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Potential heart failure drug needs human trials

A new drug has been identified by scientists that could potentially treat or prevent heart failure.

Research shows injecting SUMO1 into failing hearts could help improve the way the heart muscle functions. Scientists behind the research say SUMO1 plays a critical role in the development of heart failure.

Heart failure means that for some reason the heart is not pumping blood around the body as well as it used to. It’s normally brought about after the heart muscle has been damaged or dies, including after a heart attack.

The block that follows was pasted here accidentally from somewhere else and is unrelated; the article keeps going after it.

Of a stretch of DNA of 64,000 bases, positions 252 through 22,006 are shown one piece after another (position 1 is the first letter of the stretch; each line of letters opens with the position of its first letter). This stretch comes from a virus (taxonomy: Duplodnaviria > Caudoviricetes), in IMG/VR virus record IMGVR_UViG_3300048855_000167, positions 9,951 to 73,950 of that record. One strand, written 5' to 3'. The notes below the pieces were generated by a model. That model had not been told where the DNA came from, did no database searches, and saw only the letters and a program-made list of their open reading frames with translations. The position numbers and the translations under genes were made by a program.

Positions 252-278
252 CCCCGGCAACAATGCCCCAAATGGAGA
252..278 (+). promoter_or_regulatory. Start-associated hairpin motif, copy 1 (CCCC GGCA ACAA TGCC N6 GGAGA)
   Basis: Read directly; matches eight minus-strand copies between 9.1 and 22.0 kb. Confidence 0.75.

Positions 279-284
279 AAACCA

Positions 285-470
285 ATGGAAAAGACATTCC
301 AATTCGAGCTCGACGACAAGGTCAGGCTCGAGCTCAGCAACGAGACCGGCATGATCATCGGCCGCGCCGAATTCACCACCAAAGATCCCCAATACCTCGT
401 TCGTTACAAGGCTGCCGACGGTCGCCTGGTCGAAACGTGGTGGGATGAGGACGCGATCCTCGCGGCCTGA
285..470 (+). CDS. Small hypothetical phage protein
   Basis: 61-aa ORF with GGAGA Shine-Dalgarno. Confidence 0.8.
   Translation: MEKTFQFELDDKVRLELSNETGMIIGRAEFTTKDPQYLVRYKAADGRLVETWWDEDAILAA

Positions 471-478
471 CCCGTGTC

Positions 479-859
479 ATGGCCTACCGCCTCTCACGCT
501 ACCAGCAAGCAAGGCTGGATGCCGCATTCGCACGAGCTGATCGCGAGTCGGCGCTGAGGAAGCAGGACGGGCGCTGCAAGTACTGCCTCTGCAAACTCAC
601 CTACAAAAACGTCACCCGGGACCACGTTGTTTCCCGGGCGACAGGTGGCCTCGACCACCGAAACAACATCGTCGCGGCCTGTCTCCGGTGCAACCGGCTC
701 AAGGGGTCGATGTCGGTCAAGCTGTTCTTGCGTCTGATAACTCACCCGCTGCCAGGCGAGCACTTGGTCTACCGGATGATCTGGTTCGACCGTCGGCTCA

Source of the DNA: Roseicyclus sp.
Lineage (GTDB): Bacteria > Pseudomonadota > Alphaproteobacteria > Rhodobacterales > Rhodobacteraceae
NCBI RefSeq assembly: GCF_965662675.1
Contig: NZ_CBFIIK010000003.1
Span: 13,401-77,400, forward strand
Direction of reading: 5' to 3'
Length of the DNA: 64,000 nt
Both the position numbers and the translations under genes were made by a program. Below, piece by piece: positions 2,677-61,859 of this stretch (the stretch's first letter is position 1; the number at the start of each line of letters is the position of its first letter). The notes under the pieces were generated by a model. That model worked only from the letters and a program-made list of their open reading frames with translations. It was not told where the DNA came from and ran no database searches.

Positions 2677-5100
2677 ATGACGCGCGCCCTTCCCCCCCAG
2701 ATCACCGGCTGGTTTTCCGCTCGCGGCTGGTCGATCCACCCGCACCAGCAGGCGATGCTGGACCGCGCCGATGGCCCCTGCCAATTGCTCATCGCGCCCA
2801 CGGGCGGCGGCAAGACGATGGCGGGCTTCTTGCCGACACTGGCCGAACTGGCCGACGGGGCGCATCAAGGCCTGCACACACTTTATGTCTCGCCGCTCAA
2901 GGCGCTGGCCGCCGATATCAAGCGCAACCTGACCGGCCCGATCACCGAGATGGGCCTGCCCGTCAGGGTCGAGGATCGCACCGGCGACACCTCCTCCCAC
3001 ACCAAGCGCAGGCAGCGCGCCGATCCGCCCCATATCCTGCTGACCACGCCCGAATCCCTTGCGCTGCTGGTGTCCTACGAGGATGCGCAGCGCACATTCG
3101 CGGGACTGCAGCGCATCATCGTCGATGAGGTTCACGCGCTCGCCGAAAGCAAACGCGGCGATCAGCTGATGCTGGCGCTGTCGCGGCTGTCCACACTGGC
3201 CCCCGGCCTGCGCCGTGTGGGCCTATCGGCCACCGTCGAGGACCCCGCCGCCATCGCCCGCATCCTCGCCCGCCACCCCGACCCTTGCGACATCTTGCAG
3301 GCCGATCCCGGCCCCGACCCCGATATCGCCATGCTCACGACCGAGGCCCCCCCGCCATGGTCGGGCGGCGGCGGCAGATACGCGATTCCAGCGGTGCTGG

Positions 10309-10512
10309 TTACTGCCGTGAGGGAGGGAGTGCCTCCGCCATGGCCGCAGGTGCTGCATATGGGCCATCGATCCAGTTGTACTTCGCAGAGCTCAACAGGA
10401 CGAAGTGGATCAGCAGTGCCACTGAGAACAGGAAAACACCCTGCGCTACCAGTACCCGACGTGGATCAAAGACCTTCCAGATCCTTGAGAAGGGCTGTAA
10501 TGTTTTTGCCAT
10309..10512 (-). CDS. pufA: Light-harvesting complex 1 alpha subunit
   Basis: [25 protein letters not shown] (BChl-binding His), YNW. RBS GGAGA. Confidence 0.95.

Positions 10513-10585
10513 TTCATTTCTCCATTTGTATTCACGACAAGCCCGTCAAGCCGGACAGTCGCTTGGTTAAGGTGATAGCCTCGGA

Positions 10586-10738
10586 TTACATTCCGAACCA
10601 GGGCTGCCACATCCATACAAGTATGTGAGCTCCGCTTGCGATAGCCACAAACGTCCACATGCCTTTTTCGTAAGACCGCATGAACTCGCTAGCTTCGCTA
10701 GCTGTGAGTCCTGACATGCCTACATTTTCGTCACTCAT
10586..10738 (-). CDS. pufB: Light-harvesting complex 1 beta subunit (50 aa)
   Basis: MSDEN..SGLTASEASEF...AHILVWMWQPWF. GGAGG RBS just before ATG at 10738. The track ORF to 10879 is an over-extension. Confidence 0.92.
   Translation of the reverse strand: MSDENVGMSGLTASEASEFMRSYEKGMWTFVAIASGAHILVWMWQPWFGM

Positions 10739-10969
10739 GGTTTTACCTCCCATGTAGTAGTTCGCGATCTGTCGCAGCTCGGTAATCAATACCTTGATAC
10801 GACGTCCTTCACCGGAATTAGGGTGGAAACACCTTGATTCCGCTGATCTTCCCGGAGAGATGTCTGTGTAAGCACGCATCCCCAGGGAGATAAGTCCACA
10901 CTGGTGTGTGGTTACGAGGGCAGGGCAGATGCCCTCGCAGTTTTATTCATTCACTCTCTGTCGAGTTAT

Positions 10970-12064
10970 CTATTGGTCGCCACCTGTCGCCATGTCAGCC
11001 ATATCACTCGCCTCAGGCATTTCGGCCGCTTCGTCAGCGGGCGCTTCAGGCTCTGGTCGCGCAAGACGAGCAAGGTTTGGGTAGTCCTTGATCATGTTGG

The number of human trials involving gene therapy is on the rise

Professor Jeremy Pearson, our Associate Medical Director, said: “Gene therapy appears to have real potential when we talk about the treatment of heart failure. This is another useful piece of research involving animals and provides hope that similar trials might be possible in heart failure patients in the future.

“As we develop our understanding of gene therapy, we’ve managed to overcome many of the early problems encountered in the area of research, and the number of human trials involving gene therapy is on the rise.

BHF's Mending Broken Hearts appeal aims to spend £50 million so we can further investigate regenerative medicine and find a way to prevent heart failure, which affects more than 750,000 people in the UK.”

The latest research into SUMO1 was published in the Nature journal.


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